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The Texas Department of State Health Services announced Wednesday that it would not accept GEO Care’s bid to privatize the Kerrville State Hospital, citing concerns over the company’s plans to cut operating costs at the state psychiatric hospital.
GEO Care, a subsidiary of the infamous prison operator GEO Group, was the only company to submit a bid to privatize a mental health treatment facility earlier this year. While the bid met the main proposal requirement, promising to generate 10 percent savings over 2011 fiscal year costs for a minimum of four years, DSHS Commissioner David Lakey criticized the bid for lacking detail.
In a letter to Gov. Rick Perry and the Legislative Budget Board, Lakey expressed concern that main cost reductions would be “achieved primarily through reductions in staffing and benefits to a degree that would put both our patients and the State of Texas at risk.”
DSHS said in a report that the programs GEO Care proposed were not appropriate for the long-term care needed at the Kerrville State Hospital. Furthermore, DSHS did not believe that the proposal would ensure staffing requirements required by law. GEO Care proposed cutting overall staffing from 542 to 428 — a 21 percent reduction — and decreasing psychiatric nursing assistants 29 percent, from 167 to 118. The staff to patient ratio, set by a 1997 settlement in a federal class-action suit against the Texas Department of Mental Health and Mental Retardation, would not have been maintained with GEO Care’s proposed changes.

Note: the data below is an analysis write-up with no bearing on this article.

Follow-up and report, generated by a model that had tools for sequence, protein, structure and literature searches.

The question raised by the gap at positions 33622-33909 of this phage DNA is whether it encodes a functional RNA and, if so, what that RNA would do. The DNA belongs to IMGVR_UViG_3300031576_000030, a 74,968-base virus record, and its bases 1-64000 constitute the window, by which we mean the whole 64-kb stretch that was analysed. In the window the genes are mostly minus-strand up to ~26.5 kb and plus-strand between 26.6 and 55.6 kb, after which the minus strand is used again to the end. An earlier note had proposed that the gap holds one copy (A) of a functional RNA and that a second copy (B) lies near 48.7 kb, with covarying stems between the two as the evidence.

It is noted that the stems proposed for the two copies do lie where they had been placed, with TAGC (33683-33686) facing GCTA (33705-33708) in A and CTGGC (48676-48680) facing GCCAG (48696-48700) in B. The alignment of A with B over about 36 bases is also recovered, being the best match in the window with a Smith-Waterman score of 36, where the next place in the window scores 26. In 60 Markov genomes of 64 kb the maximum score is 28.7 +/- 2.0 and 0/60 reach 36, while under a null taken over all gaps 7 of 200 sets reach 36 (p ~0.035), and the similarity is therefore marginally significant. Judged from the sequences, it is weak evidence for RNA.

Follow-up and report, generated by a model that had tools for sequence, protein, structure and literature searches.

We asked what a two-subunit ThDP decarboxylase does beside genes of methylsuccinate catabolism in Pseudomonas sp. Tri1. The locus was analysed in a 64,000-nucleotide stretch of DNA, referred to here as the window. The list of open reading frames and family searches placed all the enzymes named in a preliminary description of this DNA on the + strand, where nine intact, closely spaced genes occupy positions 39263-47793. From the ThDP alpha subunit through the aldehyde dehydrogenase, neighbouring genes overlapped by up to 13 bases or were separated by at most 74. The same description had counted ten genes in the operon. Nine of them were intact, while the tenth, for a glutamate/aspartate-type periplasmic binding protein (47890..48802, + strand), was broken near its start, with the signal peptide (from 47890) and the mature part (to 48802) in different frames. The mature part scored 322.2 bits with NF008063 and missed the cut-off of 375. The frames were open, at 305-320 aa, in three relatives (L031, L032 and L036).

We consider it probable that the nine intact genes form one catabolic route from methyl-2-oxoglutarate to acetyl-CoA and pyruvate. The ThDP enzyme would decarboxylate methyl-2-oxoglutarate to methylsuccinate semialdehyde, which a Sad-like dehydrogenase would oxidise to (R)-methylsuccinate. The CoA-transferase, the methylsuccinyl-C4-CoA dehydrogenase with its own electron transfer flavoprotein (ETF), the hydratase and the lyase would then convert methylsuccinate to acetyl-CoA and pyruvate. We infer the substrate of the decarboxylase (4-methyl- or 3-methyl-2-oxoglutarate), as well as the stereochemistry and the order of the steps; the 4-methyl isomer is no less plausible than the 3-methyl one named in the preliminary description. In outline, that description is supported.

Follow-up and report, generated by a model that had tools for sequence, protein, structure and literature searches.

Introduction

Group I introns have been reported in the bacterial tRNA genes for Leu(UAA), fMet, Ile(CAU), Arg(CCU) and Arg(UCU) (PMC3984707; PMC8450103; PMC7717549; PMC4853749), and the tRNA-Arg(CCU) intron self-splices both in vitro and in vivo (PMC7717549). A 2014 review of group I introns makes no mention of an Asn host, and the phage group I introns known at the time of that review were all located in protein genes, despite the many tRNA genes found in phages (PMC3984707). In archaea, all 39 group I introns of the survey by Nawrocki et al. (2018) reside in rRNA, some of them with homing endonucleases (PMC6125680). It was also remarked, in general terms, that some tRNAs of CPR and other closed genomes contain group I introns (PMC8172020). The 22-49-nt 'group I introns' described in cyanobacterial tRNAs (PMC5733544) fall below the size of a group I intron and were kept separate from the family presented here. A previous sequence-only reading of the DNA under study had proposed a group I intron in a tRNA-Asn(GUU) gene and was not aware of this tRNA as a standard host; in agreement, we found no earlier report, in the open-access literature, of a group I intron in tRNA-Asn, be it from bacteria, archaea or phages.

Wednesday’s decision is a win for advocacy groups that had long opposed privatization of the state psychiatric hospital by GEO Care, whose parent company, GEO Group, has a troubled history of prison operations in Texas.
“This is a testament to the role that advocacy can play in shaping decisions,” said Bob Libal, executive director of Grassroots Leadership. His organization, along with the American Civil Liberties Union of Texas, the Center for Public Policy Priorities, the Texas Criminal Justice Coalition and the United Methodist Church stated their opposition to GEO Care’s bid in a letter to DSHS, the Legislative Budget Board, and Gov. Rick Perry earlier this year. “The reason the proposal was rejected is telling of the problems with privatization — you make your money by cutting staff and paying them less while the care of your patients suffers,” Libal said.
In his letter, Lakey stated that DSHS will continue to support legislative efforts “to find innovative, effective and efficient models of providing psychiatric care” for the mentally ill in Texas, working with elected officials and community groups to balance cost and effectiveness.
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